Avery in Dallas Green; Live, from the Scottrade Center

PJ EdelmanCorrespondent ISeptember 24, 2008

Section 103, row L, seat 7.

When a friend asked me if I would accompany him to a Blues-Stars preseason game, I didn't hesitate.  Any live hockey is good hockey. 

I didn't know however, that I would be sitting two seats to the right of the red line, nine rows from the glass.  I was so close to the ice that my arms quickly entered my t-shirt to cut off some of the freeze that was emanating from the ice. 

I've been to a handful of games in my life, but not so many that I couldn't count all of them on both hands.  I've been a Rangers' fan as long as I can remember, but I've only been so lucky to get to Madison Square Garden about once a year.  Every game that I attended I cherish.  And I've been lucky enough to witness a winning percentage.  

But sitting just a a handful of rows from the ice?  Only once do I remember being so close, and it was at Nassau Coliseum to watch the lowly Isles play some average team.  That was over 10 years ago.

I found myself at the Scottrade Center, with seats so close that I couldn't help get excited for the matchup, even if almost every major Stars' player was a healthy scratch.  That meant no Modano, Morrow, Turco, Ribeiro, or even Lehtinen.  Still, I knew Brad Richards would be shuffling lasers across the ice to teammates.  And the Blues played almost all their big time players: Boyes, McDonald, Tkachuk, even fan favorite Manny Legace.  

But what I wasn't expecting, and indeed, I had forgotten--Sean Avery's squinty blue eyes staring straight back at me from his bench.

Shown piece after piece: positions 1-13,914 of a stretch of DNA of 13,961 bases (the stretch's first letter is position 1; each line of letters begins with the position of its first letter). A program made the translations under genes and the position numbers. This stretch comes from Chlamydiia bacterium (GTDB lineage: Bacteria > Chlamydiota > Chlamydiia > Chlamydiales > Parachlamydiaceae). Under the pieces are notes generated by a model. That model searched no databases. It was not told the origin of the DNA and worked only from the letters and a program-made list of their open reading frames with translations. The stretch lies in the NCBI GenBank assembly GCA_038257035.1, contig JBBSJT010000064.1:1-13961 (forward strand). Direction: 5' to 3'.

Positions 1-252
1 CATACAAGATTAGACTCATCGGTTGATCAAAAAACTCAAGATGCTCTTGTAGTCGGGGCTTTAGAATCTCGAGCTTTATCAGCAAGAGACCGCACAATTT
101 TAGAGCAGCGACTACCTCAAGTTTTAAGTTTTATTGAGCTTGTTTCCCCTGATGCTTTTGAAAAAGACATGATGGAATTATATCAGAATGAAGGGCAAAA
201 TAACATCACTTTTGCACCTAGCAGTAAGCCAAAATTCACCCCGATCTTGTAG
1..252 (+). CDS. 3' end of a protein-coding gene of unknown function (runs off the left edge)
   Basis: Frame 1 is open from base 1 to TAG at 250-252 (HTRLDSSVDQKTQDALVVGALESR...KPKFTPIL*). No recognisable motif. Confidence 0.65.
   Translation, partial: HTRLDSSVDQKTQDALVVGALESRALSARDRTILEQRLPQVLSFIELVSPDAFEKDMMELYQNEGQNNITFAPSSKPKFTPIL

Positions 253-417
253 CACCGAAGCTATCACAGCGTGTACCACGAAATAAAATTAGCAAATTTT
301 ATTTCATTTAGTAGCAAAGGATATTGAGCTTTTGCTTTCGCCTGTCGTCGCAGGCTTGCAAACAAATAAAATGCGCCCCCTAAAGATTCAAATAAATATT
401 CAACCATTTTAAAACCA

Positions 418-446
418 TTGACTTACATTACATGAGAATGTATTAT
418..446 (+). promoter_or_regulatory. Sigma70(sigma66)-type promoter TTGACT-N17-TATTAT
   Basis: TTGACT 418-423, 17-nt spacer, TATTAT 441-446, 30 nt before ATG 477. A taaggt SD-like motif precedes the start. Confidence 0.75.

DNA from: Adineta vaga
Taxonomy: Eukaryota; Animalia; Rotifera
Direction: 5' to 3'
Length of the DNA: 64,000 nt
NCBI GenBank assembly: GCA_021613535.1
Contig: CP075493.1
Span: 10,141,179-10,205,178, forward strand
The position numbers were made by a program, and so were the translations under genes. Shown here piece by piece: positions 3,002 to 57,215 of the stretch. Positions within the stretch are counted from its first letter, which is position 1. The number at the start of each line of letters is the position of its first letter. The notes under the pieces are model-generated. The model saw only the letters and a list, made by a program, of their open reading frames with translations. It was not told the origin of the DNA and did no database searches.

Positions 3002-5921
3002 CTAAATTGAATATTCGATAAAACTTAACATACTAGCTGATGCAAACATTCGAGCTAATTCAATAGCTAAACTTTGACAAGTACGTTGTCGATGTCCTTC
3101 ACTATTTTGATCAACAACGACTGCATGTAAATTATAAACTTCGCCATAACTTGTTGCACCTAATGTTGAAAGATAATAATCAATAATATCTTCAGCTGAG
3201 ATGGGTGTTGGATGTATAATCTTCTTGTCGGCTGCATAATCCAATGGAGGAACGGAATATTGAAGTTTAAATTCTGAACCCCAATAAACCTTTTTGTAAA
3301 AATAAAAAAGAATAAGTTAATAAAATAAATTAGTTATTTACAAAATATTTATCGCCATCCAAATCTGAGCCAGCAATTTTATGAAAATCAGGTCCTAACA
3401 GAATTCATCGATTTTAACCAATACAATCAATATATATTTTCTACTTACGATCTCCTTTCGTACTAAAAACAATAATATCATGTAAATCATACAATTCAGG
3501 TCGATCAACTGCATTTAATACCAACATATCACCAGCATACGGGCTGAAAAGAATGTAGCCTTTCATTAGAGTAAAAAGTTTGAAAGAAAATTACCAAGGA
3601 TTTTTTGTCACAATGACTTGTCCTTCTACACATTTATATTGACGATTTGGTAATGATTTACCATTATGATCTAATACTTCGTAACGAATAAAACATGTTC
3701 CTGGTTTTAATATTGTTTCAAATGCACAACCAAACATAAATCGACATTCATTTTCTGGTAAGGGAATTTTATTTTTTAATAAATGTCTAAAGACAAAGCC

The Scottrade Center was half empty, and I was close enough to yell out "Let's go Avery!" or "I love you Sean!," and be heard.  I mean, we could hear the players barking out instructions to one another (something I had never witnessed before), so I could only assume that Avery might be able to pick up my voice.  

If he did, he didn't acknowledge it.  Instead, I watched the rest of the game silently, missing part of the action so I could follow Avery.  

Most players sat on the bench when they weren't on the ice.  Not Avery; he stood half the time, leaning over the side, and opening the door to let in fellow teammates.  When he was on the ice, his contributions were negligible; the Blues were clearly the better team (mostly because they played their starters), and dominated the first period and most of the second.  

I did catch Avery cross checking Blues' captain and future Hall of Famer Keith Tkachuk in the face, to which Tkachuk retaliated.  I couldn't help but think what an ass Avery was, which surprised me.  I was a huge fan of Avery's, and I still am, but if he isn't on your team he can be a real jerk.  Both Avery and Tkachuk went off the ice for two-minute minors, precisely, I'm sure, what Avery envisioned.  

I left the game with my friend (he had homework), with about nine minutes to play.  We had been lucky enough to see good first period scoring (the Blues took a 2-1 lead) and made it through two and a half periods of 22 penalty calls (four more took place after the 10:51 mark of the 3rd period), and four fights, one particularly nasty that featured Blues' enforcer Cam Janssen realizing he could simultaneously clutch Krys Barch's jersey by the collar and jab at his face with the same hand.

Of course, I missed Avery's third period goal, which cut the game to 3-2, and obviously, his fourth and final penalty of the night, this one for roughing and misconduct, which I'm sure included some gloves to any face in his proximity.  Regardless, it was still a successful night.  There was yellow-the color of the musical note imprinted on the Blues' jerseys; there was green-the color that trimmed the Stars; and there was blue, the unflinching blue eyes of Sean Avery, eyes that seem to have no memory and made me pull my arms in just a little bit more to avoid the cold, on a warm St. Louis Blues preseason hockey night.